Secure your PDA data now

Your company is liable for the corporate information held on personal digital assistants and could fall foul of the Data...

Your company is liable for the corporate information held on personal digital assistants and could fall foul of the Data Protection Act if personal information falls into the wrong hands, writes Magnus Ahlberg

The benefits of mobile computing have been much publicised but it also brings with it a new set of potential headaches for IT managers.

Where company data is held on private devices security is not the only issue. Slack safeguarding of sensitive data could result in a criminal conviction if the Data Protection Act is breached. And the biggest problem is data held on a personal digital assistant (PDA).

These devices are owned either by a company or by its staff. But they are personal - whoever owns them - and they are used in a personal manner. Consequently they frequently fall outside of the corporate security policy because they are not treated as company property. If staff are not told where they can drive their company car, why should they be told how to use a few hundred pounds worth of PDA?

But these devices are no longer simple electronic aide memoires - they are small computers of increasing power and sophistication. The current crop of Palm Pilots have a memory capacity of 8Mbytes and can store 10,000 addresses, 400 e-mails, and 3,000 documents with notes. They are carrying more and more corporate and personal data - and are increasingly a popular target for theft.

The solution to these threats is encryption. Encrypting communications won't stop eavesdroppers - whether government-sponsored Echelon, profit-driven industrial spies, or good old hackers - from intercepting your messages, but it will stop them gaining anything useful from them.

But encrypting communications is no longer enough, you also need to encrypt the data stored on the PDA as these devices can be easily stolen or lost.

However, while it is clearly advisable to encrypt the data stored on your Palm, within the European Union it may in fact be a legal requirement.

Palm Pilots are frequently used to store company contact information. This is likely to include a home address, mobile phone number and even home phone number. In other words, it is likely to include personal information that needs to be registered under the Data Protection Act 1998, and is liable to the strictures of the Act.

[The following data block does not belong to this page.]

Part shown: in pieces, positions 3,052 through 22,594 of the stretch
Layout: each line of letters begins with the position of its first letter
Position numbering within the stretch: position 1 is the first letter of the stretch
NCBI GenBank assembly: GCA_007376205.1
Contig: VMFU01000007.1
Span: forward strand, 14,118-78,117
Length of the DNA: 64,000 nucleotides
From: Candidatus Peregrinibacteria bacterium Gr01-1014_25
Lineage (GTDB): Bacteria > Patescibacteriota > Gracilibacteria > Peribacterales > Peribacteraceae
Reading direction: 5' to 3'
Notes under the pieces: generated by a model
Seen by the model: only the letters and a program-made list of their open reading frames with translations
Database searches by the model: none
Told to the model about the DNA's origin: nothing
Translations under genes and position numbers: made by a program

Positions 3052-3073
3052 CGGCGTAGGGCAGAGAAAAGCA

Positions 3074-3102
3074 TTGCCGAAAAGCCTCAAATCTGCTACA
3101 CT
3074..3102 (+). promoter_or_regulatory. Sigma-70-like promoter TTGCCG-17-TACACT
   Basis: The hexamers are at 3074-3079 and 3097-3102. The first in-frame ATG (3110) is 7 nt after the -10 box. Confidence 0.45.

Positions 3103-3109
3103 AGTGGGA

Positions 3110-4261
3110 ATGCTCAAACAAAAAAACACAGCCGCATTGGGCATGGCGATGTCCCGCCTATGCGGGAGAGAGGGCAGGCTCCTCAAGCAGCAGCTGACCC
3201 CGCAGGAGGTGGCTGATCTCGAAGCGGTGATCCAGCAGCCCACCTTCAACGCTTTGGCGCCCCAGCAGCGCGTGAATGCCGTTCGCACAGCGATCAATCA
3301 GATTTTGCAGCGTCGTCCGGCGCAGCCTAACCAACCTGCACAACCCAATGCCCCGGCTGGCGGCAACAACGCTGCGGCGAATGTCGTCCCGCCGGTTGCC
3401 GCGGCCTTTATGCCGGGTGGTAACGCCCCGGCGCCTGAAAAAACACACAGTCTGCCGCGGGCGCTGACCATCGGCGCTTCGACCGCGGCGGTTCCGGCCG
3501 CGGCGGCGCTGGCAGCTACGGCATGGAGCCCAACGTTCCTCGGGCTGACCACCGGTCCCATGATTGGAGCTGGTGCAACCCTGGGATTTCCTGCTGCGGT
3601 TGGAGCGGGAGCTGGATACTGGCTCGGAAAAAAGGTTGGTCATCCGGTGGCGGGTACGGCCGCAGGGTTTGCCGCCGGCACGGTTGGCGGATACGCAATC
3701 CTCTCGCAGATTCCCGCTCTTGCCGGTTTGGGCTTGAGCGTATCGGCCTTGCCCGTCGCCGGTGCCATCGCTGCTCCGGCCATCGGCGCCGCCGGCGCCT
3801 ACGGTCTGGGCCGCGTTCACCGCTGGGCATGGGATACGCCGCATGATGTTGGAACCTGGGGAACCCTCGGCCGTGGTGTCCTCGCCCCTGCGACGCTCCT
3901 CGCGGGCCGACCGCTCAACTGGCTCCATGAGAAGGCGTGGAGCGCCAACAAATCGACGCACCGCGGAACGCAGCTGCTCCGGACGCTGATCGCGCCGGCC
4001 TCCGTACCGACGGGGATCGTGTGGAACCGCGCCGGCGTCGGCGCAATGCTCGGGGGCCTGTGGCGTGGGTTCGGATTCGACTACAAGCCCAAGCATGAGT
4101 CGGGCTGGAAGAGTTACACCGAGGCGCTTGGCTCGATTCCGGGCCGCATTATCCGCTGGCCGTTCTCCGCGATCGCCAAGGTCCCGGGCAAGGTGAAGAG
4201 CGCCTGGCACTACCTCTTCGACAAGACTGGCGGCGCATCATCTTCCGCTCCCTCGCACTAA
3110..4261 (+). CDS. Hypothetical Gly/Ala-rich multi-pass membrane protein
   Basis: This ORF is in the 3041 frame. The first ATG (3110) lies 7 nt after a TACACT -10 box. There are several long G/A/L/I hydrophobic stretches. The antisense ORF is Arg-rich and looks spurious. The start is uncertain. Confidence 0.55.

The seventh principle of the Act is unequivocal, "Appropriate technical and organisational measures shall be taken against unauthorised or unlawful processing of personal data and against accidental loss or destruction of, or damage to, personal data."

First, it is worth considering who is liable under this Act. The Act states that conformance to the Data Protection Act is the responsibility of the data controller. And it says that "data controller means a person who (either alone or jointly or in common with other persons) determines the purposes for which and the manner in which any personal data are, or are to be, processed."

In other words, this "person or persons" is effectively the board and the immediate data processing managers. It is not the person who "owns" the computer or PDA. You could say that if the data is on the PDA by company consent, then it is the company that is determining the purposes for and manner in which it is to be processed - and it is therefore the company that is liable.

So, if your PDA falls into the wrong hands it could land your boss in court. But, if the data is on the PDA without company consent, then the company has already broken the Data Protection Act by failing to protect "against accidental loss or destruction of, or damage to, personal data"; that is, it has "broken" the seventh principle.

Nicholas Bohm, consultant to the e-commerce group of City law firm Fox Williams, says, "If company data is used by an employee on company business then the company, in principle, controls it - through the employee's duties of fidelity, following the rulebook, and so on. The company must make rules and provide systems that protect it from unauthorised use or disclosure.

"The rules might say, for example, that if employees carry company data on their own PDAs they must use encryption to protect it. The employee is, of course, responsible for implementing the rules but is probably responsible to the employer rather than directly to the commissioner." In other words, the company is still liable.

What actually constitutes appropriate technical and organisational measures is something that ultimately can only be defined by the courts. However, it would be best not to let it get that far. It seems fairly clear that organisational measures could be covered by a formal, written and enforced security policy designed to protect the PDA and its data. But appropriate technical measures is more difficult.

If it was the corporate mainframe we would be thinking about a firewall. Suppliers are working on chip-based firewalls that can be built into PDAs but we're not there yet. So, for the Palm Pilot and other PDAs we need something else - and all we've really got is encryption.

Magnus Ahlberg is managing director of handheld security specialist Pointsec Technologies

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